Cassava-Based Puffs From Lesser Evil and Serenity Kids Contain High Levels of Lead

A few servings a week of a food that’s on the higher side for lead won’t pose immediate risks to your child. But it’s a good idea to minimize the amount of heavy metals in your family’s diet when you can, especially because your child may be exposed to lead and other heavy metals from the air, water, or other foods. And there are plenty of alternatives low in heavy metals.

Serve packaged baby snacks sparingly. This includes not just puffs but bars, rice crisps, teething biscuits, cookies, and other highly processed snacks. Potential heavy metal contamination aside, most packaged snack foods aren’t very healthy for children anyway, says Maya Vadiveloo, PhD, professor of nutrition at the University of Rhode Island. What fruits and vegetables they do contain are often in powder form, and “when you extract foods from their whole food sources, they don’t have the same benefits,” she says. 

Emphasize whole foods low in heavy metals. These include oats and other whole grains (except rice), apples, applesauce (unsweetened), avocados, bananas, butternut squash, green beans, peaches, strawberries, baby food meats, eggs, beans, cheese, and yogurt. If babies are just learning to eat solids and choking might be a worry, any of these can be cooked, puréed, or mashed before serving. The more babies are introduced to a wide variety of tastes and textures from developmentally appropriate whole foods, early in life, the broader their palate for healthy foods will be as they grow up, Vadiveloo says. Additionally, a diet that provides a variety of nutrients—such as calcium, iron, selenium, vitamin C, and zinc—may help offset some of the damage heavy metals can do to the body.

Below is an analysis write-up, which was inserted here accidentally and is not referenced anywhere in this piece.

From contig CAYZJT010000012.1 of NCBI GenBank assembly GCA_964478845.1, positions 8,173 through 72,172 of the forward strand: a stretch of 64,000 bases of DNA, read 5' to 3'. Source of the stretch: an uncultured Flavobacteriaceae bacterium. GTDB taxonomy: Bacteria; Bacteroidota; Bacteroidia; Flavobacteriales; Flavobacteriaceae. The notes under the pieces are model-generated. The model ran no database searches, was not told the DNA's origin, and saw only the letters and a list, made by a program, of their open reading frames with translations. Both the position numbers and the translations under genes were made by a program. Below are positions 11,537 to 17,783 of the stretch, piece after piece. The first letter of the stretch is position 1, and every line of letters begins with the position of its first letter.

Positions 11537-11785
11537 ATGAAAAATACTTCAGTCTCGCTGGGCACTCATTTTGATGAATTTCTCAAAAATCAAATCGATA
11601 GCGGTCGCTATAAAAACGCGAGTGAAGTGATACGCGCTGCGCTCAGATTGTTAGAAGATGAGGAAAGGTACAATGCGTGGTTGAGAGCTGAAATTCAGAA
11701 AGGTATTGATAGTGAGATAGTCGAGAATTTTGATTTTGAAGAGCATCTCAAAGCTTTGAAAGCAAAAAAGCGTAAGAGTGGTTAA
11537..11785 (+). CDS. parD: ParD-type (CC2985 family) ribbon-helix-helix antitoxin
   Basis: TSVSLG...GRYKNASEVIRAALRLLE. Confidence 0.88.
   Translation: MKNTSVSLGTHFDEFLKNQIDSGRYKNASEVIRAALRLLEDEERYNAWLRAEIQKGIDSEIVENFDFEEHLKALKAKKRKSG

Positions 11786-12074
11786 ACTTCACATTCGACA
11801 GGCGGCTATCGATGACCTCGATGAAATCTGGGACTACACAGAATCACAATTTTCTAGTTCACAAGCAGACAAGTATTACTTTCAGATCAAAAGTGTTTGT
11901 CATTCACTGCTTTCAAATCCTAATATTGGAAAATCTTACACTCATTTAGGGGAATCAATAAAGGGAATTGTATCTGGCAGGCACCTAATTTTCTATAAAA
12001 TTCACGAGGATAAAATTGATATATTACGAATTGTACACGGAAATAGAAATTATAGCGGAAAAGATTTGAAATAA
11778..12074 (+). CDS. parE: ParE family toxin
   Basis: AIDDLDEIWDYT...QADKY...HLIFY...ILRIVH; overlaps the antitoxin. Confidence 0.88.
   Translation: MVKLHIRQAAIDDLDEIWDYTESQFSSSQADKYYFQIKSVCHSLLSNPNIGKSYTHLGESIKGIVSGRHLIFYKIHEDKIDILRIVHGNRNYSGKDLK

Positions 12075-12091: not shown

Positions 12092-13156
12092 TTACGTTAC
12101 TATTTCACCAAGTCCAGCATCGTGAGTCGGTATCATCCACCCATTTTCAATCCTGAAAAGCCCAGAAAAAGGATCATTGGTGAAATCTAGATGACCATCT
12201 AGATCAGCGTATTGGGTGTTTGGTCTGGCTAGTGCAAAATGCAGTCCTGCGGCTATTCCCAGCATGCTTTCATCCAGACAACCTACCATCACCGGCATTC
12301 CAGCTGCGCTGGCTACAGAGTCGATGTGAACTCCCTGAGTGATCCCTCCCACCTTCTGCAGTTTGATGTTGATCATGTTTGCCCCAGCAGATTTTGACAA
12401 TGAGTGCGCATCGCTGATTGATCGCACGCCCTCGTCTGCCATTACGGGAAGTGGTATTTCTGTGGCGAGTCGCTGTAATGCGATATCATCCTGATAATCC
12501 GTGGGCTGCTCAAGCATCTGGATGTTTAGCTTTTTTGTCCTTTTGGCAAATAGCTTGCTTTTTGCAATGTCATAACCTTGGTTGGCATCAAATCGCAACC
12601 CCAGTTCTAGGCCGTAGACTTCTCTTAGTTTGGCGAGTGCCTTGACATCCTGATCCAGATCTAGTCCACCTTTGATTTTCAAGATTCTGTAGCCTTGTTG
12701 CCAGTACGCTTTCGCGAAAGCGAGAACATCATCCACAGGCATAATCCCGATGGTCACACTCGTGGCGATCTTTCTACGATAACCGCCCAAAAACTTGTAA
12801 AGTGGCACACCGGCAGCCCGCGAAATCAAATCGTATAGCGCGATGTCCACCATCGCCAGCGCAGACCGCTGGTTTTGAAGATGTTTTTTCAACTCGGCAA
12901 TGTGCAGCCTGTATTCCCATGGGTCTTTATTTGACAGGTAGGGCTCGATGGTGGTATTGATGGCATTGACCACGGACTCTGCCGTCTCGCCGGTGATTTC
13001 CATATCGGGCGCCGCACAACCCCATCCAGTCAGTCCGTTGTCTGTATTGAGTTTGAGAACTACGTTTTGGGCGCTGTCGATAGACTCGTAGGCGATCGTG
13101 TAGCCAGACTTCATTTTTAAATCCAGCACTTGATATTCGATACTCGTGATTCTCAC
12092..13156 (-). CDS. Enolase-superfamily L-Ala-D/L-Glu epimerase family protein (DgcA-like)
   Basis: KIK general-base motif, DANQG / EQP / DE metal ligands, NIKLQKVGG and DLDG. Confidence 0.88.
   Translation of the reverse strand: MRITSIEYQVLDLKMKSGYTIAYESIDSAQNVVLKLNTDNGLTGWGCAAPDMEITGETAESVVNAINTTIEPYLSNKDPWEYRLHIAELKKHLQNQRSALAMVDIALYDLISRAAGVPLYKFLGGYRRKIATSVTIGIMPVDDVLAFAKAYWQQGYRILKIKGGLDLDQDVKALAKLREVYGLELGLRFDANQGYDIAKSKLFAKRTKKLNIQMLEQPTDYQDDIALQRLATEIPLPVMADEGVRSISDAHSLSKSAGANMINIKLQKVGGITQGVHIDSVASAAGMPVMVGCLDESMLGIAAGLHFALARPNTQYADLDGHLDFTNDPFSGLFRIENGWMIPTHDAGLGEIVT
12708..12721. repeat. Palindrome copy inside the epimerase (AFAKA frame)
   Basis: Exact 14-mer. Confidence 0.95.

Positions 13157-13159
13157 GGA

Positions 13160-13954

Go easy on the fruit juice. Past CR tests found inorganic arsenic and lead in many apple and grape juice brands. In addition, all fruit juices are concentrated sources of sugars and lack fiber. The American Academy of Pediatrics recommends not giving fruit juice to babies in the first year of life and limiting juice to 4 ounces a day for kids ages 1 to 3 years and 6 ounces for 4- to 6-year-olds for nutritional reasons.

Don’t ditch healthy foods. Rice, fresh cassava, sweet potatoes, carrots, and other root vegetables can be high in heavy metals, but they can be essential sources of nutrients in kids’ diets. You don’t have to eliminate them. Instead, serve them in rotation with various vegetables and whole grains.